- Average direct emergency department costs dropped 15 percent for frequent emergency department users after Brigham and Women’s hospital implemented a care coordination program using community health workers, according to a recent study in the American Journal of Managed Care.
Emergency department-based care coordination also resulted in 8 percent less inpatient direct costs at the large urban academic medical center, reported researchers from the Icahn School of Medicine at Mount Sinai, Brigham and Women’s Hospital, and Harvard Medical School.
“ED-based care coordination is a promising approach to reduce ED use and hospitalizations among frequent ED users,” they wrote. “Our program also demonstrated a decrease in costs per patient. Future efforts to promote population health and control costs may benefit from incorporating similar programs into acute care delivery systems.”
Just 5 percent of patients account for almost one-half of the nation’s healthcare spending, the National Academy of Medicine recently reported. Emergency department use contributed to a large portion of this group’s spending.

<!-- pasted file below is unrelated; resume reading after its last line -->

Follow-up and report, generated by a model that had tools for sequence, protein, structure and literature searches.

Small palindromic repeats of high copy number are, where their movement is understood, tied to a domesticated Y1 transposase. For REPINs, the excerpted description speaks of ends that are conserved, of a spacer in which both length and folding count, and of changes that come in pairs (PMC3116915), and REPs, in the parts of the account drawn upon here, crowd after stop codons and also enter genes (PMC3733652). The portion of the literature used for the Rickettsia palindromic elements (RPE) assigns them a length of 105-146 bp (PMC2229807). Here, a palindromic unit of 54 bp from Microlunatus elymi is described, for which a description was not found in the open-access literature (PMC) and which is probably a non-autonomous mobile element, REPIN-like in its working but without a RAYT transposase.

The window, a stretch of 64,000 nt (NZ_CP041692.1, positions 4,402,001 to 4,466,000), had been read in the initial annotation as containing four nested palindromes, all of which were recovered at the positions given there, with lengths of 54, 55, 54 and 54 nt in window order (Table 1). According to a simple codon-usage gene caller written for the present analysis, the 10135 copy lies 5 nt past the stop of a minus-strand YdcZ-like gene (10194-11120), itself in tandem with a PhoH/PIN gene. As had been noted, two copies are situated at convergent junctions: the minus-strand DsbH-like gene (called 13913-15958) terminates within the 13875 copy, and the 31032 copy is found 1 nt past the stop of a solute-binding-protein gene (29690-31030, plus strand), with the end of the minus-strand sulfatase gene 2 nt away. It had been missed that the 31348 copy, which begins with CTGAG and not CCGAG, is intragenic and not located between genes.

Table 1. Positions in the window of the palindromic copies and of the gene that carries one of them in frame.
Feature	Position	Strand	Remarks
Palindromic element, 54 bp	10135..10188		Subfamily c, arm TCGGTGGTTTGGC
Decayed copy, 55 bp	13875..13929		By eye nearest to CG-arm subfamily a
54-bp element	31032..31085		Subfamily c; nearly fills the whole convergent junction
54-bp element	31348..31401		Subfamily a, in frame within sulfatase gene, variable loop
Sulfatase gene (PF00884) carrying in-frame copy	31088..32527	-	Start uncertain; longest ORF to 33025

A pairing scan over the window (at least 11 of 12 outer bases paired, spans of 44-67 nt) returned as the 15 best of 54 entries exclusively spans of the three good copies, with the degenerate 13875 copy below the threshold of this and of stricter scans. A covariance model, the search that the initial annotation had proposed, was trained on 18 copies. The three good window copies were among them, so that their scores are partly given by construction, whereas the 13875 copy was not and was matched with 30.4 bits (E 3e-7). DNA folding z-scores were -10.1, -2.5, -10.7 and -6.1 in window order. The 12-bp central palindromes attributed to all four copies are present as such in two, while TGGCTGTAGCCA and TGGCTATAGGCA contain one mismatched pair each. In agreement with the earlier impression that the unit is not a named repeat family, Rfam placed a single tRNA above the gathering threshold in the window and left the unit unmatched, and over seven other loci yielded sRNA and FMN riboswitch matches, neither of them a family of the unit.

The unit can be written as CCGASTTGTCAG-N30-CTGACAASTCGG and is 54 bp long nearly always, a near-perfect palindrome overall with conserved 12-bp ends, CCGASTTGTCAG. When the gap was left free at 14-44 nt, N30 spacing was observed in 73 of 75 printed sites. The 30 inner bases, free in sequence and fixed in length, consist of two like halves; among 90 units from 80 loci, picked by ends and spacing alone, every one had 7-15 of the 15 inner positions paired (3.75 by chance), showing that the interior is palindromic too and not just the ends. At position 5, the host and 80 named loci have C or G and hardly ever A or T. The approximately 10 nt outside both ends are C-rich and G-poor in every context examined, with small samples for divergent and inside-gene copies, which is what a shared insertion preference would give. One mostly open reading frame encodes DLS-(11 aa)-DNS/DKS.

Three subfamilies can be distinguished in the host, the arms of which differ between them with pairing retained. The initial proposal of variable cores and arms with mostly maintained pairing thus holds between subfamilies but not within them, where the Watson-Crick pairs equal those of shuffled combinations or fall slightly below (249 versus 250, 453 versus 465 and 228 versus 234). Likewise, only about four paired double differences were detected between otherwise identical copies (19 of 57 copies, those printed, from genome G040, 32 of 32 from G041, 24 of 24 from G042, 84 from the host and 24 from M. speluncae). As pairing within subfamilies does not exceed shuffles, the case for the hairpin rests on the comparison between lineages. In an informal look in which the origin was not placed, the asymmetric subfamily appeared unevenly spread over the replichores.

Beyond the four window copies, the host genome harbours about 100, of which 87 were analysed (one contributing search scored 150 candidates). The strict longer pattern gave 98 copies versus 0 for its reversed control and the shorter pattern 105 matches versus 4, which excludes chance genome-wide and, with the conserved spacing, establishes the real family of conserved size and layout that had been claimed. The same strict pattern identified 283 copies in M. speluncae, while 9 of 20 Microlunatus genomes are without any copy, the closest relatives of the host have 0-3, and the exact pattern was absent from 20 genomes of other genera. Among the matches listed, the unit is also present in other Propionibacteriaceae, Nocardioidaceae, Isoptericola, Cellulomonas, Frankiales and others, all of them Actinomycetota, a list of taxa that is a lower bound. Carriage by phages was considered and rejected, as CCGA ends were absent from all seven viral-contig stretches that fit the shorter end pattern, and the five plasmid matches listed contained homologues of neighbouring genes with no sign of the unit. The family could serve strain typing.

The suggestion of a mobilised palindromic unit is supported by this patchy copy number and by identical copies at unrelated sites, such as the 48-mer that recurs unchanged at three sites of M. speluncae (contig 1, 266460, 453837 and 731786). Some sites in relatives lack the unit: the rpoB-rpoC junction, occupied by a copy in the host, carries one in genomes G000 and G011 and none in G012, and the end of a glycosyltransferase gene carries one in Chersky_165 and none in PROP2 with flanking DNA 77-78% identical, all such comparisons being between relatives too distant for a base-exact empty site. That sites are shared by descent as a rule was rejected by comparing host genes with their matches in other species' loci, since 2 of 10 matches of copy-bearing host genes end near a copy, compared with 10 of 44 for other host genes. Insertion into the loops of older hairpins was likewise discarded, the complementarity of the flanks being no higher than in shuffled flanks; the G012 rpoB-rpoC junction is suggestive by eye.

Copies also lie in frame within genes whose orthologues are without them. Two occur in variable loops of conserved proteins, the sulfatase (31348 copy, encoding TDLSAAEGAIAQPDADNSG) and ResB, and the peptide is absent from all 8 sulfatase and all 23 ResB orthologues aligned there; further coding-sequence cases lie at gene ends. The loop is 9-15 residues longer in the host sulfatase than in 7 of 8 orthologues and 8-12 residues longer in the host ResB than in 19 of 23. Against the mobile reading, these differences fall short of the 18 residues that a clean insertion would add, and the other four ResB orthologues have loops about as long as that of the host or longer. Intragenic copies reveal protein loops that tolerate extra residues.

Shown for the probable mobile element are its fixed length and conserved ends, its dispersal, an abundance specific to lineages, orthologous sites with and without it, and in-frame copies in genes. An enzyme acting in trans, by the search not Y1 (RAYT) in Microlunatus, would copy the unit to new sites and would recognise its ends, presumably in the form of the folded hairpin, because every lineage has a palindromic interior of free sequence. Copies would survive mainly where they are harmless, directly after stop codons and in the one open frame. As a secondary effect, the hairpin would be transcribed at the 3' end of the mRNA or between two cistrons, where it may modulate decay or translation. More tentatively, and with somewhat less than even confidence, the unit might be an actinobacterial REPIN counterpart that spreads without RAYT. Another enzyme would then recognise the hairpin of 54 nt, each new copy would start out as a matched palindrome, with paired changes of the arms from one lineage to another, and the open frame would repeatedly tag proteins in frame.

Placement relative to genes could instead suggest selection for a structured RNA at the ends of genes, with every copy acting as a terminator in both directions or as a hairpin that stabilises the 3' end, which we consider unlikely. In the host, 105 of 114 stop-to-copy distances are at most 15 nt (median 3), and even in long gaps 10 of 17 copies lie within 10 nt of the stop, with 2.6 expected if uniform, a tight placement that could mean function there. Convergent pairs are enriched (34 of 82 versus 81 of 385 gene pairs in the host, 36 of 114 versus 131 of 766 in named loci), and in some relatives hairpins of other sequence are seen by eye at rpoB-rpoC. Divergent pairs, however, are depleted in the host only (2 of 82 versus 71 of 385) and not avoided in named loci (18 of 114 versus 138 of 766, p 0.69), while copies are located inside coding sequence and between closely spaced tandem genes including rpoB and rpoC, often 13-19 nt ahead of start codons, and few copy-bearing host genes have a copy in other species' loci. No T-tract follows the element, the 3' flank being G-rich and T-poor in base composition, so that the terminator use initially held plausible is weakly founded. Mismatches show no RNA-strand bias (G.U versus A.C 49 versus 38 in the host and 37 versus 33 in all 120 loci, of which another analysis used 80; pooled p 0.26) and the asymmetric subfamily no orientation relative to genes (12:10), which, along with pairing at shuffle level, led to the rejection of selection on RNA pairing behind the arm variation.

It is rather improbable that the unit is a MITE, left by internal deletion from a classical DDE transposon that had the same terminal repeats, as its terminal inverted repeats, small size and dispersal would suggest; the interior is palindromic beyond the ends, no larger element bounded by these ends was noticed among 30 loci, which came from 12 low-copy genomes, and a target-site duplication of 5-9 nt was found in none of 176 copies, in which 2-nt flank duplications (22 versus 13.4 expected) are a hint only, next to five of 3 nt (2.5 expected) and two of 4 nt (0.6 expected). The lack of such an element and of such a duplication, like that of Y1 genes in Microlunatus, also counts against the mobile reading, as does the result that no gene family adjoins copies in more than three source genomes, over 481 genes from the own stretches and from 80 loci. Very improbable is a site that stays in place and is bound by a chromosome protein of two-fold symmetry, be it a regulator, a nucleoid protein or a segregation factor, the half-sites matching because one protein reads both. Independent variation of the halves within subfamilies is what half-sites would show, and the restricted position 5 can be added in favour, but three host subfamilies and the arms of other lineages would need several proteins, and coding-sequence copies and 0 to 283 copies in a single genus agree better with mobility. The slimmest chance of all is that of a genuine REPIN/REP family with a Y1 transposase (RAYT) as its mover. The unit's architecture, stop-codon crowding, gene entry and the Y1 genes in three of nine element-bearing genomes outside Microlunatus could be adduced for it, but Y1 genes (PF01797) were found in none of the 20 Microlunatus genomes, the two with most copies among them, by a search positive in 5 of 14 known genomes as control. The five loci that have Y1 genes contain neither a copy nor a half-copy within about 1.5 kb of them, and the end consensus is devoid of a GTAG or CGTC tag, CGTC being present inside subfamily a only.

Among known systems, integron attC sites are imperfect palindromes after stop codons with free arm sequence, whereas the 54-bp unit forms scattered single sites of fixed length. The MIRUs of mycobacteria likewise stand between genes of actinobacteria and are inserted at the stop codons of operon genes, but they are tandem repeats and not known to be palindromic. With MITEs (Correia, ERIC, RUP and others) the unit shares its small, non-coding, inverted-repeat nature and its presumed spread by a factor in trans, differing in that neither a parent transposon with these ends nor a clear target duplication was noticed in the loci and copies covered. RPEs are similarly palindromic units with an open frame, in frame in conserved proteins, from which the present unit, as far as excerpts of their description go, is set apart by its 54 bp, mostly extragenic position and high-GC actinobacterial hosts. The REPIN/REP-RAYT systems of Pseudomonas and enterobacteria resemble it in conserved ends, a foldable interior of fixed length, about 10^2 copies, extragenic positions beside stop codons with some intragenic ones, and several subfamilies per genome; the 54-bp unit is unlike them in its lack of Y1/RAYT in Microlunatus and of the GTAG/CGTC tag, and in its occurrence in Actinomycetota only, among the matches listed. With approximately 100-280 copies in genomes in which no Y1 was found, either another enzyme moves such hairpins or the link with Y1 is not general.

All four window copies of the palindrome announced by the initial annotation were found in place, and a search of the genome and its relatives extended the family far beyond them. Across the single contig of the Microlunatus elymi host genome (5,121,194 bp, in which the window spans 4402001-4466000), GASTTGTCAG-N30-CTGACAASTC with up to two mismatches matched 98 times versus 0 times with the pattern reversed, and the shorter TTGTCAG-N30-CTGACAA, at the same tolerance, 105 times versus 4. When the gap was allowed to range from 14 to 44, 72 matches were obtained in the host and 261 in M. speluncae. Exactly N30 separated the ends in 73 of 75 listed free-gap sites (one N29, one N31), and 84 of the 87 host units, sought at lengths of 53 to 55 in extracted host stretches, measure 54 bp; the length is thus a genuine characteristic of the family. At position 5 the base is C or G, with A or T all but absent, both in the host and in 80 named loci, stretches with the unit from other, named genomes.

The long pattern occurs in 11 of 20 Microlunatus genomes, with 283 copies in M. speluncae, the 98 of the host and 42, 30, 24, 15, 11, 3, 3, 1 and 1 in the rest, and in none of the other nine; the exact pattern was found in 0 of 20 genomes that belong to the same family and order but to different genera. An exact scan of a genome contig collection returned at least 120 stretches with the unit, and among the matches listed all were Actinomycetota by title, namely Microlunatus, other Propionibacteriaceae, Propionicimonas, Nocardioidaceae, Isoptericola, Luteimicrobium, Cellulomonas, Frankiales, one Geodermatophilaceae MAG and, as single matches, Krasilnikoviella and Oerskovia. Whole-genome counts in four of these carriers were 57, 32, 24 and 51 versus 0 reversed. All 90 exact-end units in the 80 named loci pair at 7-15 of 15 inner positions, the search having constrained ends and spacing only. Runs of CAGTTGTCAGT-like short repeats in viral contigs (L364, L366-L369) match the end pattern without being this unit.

To target frequent emergency department users, Brigham and Women’s hospitals launched a care coordination program in October 2014. A sample of patients who topped the list of most frequent visits during both the 30-day and 12-month period preceding the program joined the demonstration.
Under the demonstration, Brigham and Women’s hospital developed two aims: to develop acute care plans to guide emergency department care and connect frequent emergency department users with a community health worker to improve care coordination and address social determinants of health.
Emergency department physicians and physician assistants at the academic medical center first conducted chart reviews for the 36 patients randomly assigned to the program. The providers identified medical and social issues contributing to frequent emergency department use.
Then, they created an acute care plan for emergency department care with help from a patient’s longitudinal providers, including primary care physicians, medical specialists, and social workers. They uploaded plans to the EHR and electronically flagged the plans so clinicians could see the plan during an emergency department visit.
The academic medical center also assigned a community health worker to patients in the program.
Researchers noted that traditional case management programs usually employ licensed care managers or social workers to help with patient navigation. However, Brigham and Women’s hospital used public health workers who are “trusted members of and/or have an unusually close understanding of the community served.”
The community health workers connected with frequent emergency department users in the program either by phone or in person to address medical and social needs outside of the hospital. The workers assisted patients with their individualized needs, including coordinating transportation to clinics, providing information on community resources, and connecting patients to primary care providers.